Wednesday, December 16, 2009

Thinking about getting a Mini-Donkey or mini-horse?

Thinking about making a purchase of either a miniature donkey or a miniature horse? They are both very cute animals and each has its own very distinct personality traits; upkeep and feeding needs.

Most often donkeys are treated as horses with long ears. These unique creatures have distinctive behaviors when compared to horses. I have listed a few “spotlights” –

EATING: Donkeys are browsers. They nibble for a while on whatever is available, then nap, conserving their energy. They are so efficient in metabolizing their food that they can easily become obese. Feed recommendations for horses is not the way to feed a donkey. (We recommend lots of pasture/hay & minimal amounts of high quality feed. Please discuss with your veterinarian.)

Horses are grazers. They have a high metabolic rate and will graze 18 to 20 hours a day to maintain their body weight.

SICK OR PAIN: Donkey’s have a high pain threshold and can easily hide their pain. Usually by the time that the donkey is showing signs of a health problem it has already reached a chronic – and sometimes a terminal – stage. Unlike a horse, the donkey will continue to eat when they are dehydrated or sick. This is good for an animal that is a native to the desert, but not good for the owner who may not realize their donkey is sick because it continues to eat.
WHEN STARTLED: Donkeys are not easily startled. They have a keen sense of curiosity and will usually stop dead in their tracks and assess. If they run, they only go a short distance, then stop and turn to face whatever scared them before they make a decision whether to stand still or continue fleeing.

Nature provided horses with a strong flight instinct and long legs so they could run to escape predators. Horses easily startle. Horses run blind and will jump over and through any obstacle in their path.

TRAINING: Donkeys think and reason. They make decisions based on their safety. And they can learn what it is we would like for them to do if we take the time to explain it to them. The strongest instinct in a donkey is survival. Training a donkey relies on showing him through actions and words that he can trust you to protect him from harm.

Most horse training methods rely on a horse's reaction to a pecking order in the herd. The horse trainer becomes the boss horse of the herd to teach a horse to react to a cue for a particular action.

In our journeys with these wonderful animals that we care for, we have had many people exclaim they cannot believe their child just walked right up to a donkey to pet it; talk to it; or hug it (or all three!).... As if the donkey asked the child to. We have discovered that most children that are afraid or intimidated by other animals (dogs; horses (mini or large); cows...) will walk right up to a miniature donkey without a thought or hesitation. (We call it “kid-whispering” HA!)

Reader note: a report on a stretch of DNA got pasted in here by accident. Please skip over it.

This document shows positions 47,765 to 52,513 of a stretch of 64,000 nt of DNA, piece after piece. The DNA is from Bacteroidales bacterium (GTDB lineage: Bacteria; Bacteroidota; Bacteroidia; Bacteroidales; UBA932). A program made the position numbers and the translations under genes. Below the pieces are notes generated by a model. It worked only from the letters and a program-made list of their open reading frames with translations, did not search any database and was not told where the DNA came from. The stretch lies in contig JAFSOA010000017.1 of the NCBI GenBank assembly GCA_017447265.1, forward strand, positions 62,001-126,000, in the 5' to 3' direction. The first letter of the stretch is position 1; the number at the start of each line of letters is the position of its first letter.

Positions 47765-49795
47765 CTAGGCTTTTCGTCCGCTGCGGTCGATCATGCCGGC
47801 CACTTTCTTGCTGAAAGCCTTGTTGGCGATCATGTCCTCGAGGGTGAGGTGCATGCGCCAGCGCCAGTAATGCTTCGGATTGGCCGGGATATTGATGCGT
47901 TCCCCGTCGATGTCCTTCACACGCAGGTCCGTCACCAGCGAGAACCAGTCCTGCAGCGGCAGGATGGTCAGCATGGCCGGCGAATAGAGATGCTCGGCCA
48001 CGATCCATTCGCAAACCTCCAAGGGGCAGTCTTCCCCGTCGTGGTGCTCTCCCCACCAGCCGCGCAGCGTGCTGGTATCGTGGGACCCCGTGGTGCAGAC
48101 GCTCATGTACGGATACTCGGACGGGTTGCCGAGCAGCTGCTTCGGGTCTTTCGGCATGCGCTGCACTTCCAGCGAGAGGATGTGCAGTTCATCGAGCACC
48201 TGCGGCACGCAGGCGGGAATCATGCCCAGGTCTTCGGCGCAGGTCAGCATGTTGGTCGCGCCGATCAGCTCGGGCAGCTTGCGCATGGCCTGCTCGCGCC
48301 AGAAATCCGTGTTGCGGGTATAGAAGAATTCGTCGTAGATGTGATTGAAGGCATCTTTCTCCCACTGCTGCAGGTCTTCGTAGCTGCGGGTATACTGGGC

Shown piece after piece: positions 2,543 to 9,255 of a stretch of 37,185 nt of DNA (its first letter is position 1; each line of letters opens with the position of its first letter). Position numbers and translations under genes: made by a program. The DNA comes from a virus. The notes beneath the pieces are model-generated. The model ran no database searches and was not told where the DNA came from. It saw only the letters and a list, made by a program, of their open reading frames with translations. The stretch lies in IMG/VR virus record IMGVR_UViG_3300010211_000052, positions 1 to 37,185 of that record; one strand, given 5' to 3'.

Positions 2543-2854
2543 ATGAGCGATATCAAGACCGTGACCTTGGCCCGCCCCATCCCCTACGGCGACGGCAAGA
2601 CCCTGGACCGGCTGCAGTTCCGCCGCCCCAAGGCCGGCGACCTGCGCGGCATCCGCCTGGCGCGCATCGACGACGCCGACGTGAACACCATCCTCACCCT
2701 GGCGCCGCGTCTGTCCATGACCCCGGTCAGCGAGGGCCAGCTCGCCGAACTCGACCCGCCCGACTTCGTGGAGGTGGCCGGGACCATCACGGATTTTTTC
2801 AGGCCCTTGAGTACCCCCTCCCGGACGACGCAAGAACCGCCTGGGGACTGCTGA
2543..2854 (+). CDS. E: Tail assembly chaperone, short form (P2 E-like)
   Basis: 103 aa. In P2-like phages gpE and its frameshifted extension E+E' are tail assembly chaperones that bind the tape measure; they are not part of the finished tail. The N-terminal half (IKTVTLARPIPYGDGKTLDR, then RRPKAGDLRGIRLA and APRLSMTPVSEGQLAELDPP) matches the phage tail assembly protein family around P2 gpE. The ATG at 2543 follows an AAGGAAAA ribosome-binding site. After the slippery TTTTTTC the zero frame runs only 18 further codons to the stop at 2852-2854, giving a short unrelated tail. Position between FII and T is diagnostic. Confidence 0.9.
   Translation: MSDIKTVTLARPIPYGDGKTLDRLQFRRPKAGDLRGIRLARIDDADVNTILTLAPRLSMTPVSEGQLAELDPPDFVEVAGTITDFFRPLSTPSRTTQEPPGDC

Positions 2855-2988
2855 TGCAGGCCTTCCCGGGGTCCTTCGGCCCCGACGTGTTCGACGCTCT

Donkey or Horse? That is a personal decision. It is our hope that this has helped you on your decision making journey.

Tuesday, December 8, 2009

Pictures of the Christmas Parades!

The Leipers Fork Parade was an absolutely beautiful sunny COLD, COLD day! Just like a Christmas Parade should be.  We got so wrapped up in the fun - that we didn't take pictures..... except this one that a friend snapped right before the parade started.  We took Rocky (driving Bill in the cart); Tipper and Toto to represent the donkeys.

Diana & Toto (our 28" Ambassador donkey)

The COLLEGE GROVE Christmas Parade was a Tennessee Donkey ASSociation function with only a few members attending (it is so hard to get to everything going on at this time of year).  The clouds didn't cooperate but we had a blast. We had not been in this parade before and were pleasantly surprised at how large it is.

Group picture before the parade started

Our little neighbor filled in as official "Candy Thrower"  as our grandson was sick.


Toto loaded with toys


Thursday, December 3, 2009

This is Christmas Parade Weekend!

This weekend donkeys and their people from Pooles Paradise Hill Farm will be participating in two parades. 

On Saturday (12/5) at 2pm we will be at the Village of Liepers Fork Christmas Parade. This is favorite parade of a lot of people and we love that we were invited to participate again this year (this picture is from last years parade.)

On Sunday (12/6) don't miss the College Grove Christmas Parade - it also begins at 2pm.  We hope to have several members from the Tennessee Donkey ASSociation join us at this parade to help make a big showing . This will be the first time our little donkeys have been in this parade.

I do want to mention the Spring Hill Parade.... though we will be unable to participate in this one (due to scheduling of the Liepers Fork parade) our friends from ASS ME Y Farm will be participating in their very first parade that day and would love cheerleaders! This parade is on Saturday 12/5 at 5pm. 

Hope to see you!!!!